Few industrial manufacturers are optimistic about what the future holds for Q1 2023 and beyond. However, balancing risk and reward with care could allow them to turn the economic downturn to their advantage.
High inflation and spikes in energy prices have dampened demand for some manufacturers; creating a challenging outlook as they focus on cost management and improving operational efficiency. However, experiences have varied from sector to sector. Some producers, such as those in the food and drink manufacturing sector have achieved growth against the odds. For industrial manufacturers, depressed output is leading to some contraction, but there could be opportunities to diversify or otherwise drive revenues in order to increase market share in the future.
To achieve sustainable growth, industrial manufacturers should be consistently looking for ways to enhance operating and production processes and introduce technological advances that are designed to improve their overall efficiency. In some cases, these improvements could be expensive to implement, so weighing up the risk versus any potential reward accurately is key.
Any planned capital expenditure should be considered with the order book in mind and an understanding of how demand might change in the future. Machines, equipment and most other physical assets depreciate year-on-year, so it is important that the volume of orders is sufficient enough to offset these losses. Spent wisely, capital expenditure can support growth by allowing the business to take on more orders, or it can leave the business with extra capacity and wasted resources. It can be difficult to strike the right balance, as has been shown by some major collapses, such as that affecting Britishvolt. To mitigate such risks, decision makers need reliable, up-to-date data and dynamic models that enable them to take the right decisions, while taking account of an everchanging market.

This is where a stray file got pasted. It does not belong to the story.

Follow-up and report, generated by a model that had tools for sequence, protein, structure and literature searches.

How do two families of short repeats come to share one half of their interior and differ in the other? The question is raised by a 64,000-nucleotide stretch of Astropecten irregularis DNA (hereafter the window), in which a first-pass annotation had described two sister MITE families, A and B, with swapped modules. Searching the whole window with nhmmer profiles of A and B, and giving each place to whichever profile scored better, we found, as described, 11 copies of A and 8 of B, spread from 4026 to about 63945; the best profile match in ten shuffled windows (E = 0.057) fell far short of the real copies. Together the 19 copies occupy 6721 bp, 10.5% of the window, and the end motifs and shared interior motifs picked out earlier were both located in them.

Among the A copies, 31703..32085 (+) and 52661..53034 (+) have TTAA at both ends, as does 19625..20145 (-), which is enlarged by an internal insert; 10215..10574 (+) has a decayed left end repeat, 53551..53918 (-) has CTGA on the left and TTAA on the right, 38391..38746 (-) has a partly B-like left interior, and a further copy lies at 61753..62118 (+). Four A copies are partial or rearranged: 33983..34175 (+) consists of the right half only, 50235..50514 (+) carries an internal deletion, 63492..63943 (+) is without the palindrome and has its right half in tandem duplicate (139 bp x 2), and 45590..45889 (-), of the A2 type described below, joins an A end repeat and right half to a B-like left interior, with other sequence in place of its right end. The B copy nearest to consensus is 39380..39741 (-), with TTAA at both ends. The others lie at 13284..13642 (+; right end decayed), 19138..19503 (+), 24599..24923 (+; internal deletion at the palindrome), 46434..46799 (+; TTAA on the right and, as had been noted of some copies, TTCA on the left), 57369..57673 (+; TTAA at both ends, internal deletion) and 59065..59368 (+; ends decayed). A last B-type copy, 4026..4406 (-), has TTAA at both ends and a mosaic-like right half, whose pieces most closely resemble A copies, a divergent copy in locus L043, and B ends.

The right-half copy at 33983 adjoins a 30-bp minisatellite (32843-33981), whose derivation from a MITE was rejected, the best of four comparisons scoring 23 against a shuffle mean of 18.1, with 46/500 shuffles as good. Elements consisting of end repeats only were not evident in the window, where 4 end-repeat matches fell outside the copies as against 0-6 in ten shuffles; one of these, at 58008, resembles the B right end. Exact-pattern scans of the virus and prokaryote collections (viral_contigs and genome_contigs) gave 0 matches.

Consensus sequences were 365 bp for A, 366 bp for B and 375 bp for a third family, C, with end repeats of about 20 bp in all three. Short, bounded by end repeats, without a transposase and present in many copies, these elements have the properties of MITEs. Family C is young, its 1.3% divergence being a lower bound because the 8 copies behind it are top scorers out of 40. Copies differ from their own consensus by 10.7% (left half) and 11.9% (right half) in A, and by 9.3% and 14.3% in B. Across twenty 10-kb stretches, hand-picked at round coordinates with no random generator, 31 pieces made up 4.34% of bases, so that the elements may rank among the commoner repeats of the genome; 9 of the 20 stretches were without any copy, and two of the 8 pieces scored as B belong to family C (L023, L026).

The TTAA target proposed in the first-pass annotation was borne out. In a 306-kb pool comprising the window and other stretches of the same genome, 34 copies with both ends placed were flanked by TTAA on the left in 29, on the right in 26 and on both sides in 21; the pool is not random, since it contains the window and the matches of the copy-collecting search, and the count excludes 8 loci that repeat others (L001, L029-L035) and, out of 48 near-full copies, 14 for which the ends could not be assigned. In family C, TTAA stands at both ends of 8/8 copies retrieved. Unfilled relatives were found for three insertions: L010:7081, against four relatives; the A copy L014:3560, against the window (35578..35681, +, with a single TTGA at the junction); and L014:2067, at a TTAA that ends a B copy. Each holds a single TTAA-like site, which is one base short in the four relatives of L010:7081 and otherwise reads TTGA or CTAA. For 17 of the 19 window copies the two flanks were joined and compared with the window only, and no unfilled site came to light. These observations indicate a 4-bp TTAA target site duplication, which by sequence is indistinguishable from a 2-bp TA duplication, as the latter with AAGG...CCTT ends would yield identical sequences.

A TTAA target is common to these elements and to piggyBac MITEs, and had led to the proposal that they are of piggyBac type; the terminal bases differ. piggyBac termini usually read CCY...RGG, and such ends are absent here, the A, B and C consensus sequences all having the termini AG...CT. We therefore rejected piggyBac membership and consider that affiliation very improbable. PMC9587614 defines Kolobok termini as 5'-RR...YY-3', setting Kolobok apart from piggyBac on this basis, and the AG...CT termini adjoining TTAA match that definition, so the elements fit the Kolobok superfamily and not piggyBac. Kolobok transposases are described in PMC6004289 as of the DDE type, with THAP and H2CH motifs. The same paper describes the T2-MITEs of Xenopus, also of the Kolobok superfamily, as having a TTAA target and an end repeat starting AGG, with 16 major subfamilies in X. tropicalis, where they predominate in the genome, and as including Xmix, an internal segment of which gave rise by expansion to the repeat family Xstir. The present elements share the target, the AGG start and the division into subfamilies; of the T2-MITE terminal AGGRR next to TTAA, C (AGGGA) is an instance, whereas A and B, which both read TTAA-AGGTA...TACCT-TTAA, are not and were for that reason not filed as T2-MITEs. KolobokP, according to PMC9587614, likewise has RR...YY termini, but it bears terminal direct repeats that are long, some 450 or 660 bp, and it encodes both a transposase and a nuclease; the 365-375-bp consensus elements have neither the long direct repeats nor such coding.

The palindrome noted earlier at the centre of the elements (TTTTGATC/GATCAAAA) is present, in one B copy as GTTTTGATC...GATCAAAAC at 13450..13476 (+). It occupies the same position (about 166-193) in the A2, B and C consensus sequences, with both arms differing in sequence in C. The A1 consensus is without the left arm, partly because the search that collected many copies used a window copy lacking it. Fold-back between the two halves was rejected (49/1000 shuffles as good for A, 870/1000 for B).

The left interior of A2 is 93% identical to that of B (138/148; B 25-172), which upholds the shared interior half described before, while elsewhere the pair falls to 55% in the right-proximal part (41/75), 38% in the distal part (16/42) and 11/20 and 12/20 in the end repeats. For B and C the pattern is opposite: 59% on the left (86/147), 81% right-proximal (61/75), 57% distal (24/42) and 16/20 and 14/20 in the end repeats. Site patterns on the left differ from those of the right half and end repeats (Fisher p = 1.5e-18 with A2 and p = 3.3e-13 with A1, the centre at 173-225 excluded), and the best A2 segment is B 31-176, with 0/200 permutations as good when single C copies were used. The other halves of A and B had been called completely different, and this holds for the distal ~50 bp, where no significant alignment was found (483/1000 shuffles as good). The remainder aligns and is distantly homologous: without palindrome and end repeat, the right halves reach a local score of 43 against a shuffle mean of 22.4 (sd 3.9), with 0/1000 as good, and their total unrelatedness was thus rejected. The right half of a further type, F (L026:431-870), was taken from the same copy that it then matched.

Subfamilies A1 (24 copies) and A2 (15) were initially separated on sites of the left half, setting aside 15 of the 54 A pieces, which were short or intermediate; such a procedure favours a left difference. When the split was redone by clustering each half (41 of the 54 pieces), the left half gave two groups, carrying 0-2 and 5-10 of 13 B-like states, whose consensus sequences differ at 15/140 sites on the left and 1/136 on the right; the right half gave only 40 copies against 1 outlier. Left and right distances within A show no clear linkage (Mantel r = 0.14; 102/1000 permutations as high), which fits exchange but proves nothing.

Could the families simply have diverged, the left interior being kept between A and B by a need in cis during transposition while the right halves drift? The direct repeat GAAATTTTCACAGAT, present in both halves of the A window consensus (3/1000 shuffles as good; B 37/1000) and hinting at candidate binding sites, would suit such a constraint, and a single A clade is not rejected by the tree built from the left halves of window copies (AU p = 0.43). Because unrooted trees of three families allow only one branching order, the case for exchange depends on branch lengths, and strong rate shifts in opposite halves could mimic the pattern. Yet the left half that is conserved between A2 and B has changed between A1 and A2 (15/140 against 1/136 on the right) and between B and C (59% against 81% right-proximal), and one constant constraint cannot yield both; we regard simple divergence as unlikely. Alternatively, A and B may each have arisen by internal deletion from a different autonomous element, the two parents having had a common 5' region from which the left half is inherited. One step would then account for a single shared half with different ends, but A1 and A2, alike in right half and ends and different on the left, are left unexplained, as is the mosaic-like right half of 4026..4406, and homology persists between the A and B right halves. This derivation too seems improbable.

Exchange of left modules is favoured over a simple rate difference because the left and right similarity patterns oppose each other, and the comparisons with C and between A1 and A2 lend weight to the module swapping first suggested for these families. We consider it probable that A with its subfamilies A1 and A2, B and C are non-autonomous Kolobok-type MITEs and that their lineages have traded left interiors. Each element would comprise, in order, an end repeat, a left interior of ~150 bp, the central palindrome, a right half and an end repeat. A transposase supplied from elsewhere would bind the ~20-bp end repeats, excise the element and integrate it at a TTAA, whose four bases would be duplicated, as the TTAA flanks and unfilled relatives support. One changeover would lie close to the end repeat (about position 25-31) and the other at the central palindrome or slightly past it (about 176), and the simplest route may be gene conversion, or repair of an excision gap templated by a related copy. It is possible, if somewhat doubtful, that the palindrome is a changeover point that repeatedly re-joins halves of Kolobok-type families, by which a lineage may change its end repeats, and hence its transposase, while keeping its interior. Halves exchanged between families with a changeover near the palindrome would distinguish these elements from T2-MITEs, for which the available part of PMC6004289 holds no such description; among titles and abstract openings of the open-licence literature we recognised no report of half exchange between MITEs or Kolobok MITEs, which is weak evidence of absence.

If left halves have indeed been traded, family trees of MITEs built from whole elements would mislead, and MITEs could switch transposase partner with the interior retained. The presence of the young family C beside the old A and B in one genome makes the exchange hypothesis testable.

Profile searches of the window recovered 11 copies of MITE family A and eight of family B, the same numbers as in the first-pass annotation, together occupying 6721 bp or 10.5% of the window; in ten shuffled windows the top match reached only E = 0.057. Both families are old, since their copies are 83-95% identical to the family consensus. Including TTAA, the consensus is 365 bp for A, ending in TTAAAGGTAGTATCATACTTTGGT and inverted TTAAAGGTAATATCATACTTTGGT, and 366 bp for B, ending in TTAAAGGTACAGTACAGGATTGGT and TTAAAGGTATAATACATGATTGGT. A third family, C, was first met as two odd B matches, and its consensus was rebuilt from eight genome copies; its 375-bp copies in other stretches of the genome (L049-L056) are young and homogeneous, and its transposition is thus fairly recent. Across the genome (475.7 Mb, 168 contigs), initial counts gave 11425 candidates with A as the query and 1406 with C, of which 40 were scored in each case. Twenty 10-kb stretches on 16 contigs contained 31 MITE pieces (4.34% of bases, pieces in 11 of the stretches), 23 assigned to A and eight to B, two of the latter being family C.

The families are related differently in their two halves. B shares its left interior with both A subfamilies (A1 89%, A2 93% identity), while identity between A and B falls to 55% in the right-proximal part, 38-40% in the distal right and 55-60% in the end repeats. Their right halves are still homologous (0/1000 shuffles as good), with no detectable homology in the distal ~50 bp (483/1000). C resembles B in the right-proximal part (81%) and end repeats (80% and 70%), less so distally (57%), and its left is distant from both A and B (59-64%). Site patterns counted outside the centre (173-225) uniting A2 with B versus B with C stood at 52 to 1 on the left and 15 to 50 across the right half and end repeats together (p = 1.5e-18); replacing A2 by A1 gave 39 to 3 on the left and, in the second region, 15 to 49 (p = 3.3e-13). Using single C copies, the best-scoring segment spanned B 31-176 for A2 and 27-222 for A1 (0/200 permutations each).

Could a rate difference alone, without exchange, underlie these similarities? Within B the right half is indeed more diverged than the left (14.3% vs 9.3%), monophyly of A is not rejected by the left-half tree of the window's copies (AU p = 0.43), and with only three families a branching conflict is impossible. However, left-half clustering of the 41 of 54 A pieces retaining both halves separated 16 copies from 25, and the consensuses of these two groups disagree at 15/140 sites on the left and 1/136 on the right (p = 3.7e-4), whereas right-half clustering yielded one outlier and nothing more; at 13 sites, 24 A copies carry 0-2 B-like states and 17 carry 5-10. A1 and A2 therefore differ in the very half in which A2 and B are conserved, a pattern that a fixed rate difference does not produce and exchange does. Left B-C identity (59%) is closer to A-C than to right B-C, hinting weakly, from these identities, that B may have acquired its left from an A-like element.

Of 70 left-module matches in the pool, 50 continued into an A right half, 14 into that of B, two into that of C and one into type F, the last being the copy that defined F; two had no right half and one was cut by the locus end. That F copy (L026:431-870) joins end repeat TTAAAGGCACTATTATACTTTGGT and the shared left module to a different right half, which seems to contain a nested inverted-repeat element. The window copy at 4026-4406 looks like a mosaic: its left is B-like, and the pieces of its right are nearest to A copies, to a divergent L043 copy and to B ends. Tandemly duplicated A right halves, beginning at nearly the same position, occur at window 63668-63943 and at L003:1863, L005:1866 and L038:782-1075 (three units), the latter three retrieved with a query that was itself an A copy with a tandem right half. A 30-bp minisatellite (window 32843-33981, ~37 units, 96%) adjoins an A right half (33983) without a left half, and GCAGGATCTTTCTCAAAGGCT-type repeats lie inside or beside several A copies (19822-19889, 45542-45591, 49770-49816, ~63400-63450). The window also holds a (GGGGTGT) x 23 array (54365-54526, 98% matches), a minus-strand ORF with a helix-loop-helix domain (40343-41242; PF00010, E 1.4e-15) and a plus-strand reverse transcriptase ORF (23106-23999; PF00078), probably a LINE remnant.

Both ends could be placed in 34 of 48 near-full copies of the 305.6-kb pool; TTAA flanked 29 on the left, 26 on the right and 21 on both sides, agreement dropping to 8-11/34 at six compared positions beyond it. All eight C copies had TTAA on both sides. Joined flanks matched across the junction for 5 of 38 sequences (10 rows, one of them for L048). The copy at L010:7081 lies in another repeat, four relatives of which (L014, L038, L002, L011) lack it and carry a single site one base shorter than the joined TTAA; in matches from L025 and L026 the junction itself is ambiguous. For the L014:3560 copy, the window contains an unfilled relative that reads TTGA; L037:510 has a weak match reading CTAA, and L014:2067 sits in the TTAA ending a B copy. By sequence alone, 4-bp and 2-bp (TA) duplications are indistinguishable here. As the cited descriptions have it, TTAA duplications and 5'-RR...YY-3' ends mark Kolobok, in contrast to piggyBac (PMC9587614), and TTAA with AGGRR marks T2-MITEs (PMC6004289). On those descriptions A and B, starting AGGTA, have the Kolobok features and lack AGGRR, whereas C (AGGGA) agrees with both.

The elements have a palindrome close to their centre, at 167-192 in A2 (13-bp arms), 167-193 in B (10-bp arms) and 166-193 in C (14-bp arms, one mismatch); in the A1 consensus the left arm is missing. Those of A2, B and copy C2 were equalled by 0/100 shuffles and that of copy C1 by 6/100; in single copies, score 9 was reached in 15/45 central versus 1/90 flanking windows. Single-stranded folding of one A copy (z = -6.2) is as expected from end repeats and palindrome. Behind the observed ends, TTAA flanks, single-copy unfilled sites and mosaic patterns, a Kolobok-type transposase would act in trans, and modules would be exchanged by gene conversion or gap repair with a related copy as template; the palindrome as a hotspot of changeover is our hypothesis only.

Greater cost volatility and demand uncertainty means manufacturers must become more agile and flexible to adapt to shifts in customer demand. This is where smaller manufacturers sometimes have an edge, as they can react to market changes more quickly, whereas larger manufacturers may take longer to respond. Assessing operational efficiency, supply chain capacity and how quickly it takes to fulfil orders can help to identify areas for improvement. An action plan can be made and implemented to address the findings and support the business in driving growth. In an uncertain and competitive market, customer satisfaction and quick turnaround are essential to success.
Nearshoring is another trend that could help some manufacturers to improve their agility as having a shorter supply chain can help to mitigate the risk of disruption and facilitate closer, more collaborative management. Getting high quality orders delivered to customers quickly is imperative to repeat business and sustaining a good reputation. Nearshoring can also be a factor in winning new business, as many companies ask about a company’s ESG strategy and carbon footprint as part of the tender process.
While there are many advantages of nearshoring it is important to weigh up the benefits versus any increased costs. There will be a ‘sweet spot’ where the two are balanced, but there will be many other variables to take into account, including the product itself, engineering methods, customer demand levels and fulfilment timelines.
The main considerations when balancing risk and reward are cost control and dynamic forecasting models. While prices for raw materials are fluctuating dramatically, agreeing a long-term, fixed cost from a reliable supplier will provide greater certainty. While there is always the chance that prices could fall, this strategy gives the business space to focus on the quality of the product and securing orders, rather than constantly switching suppliers to get hold of the raw materials they need.
In the current economic downturn, many manufacturers are striving to protect revenues and maintain their market position. However, balancing risk and reward could enable them to achieve growth by reacting quickly to a changing market.
Peter Hatfield, industrial manufacturing specialist at management consultancy, Vendigital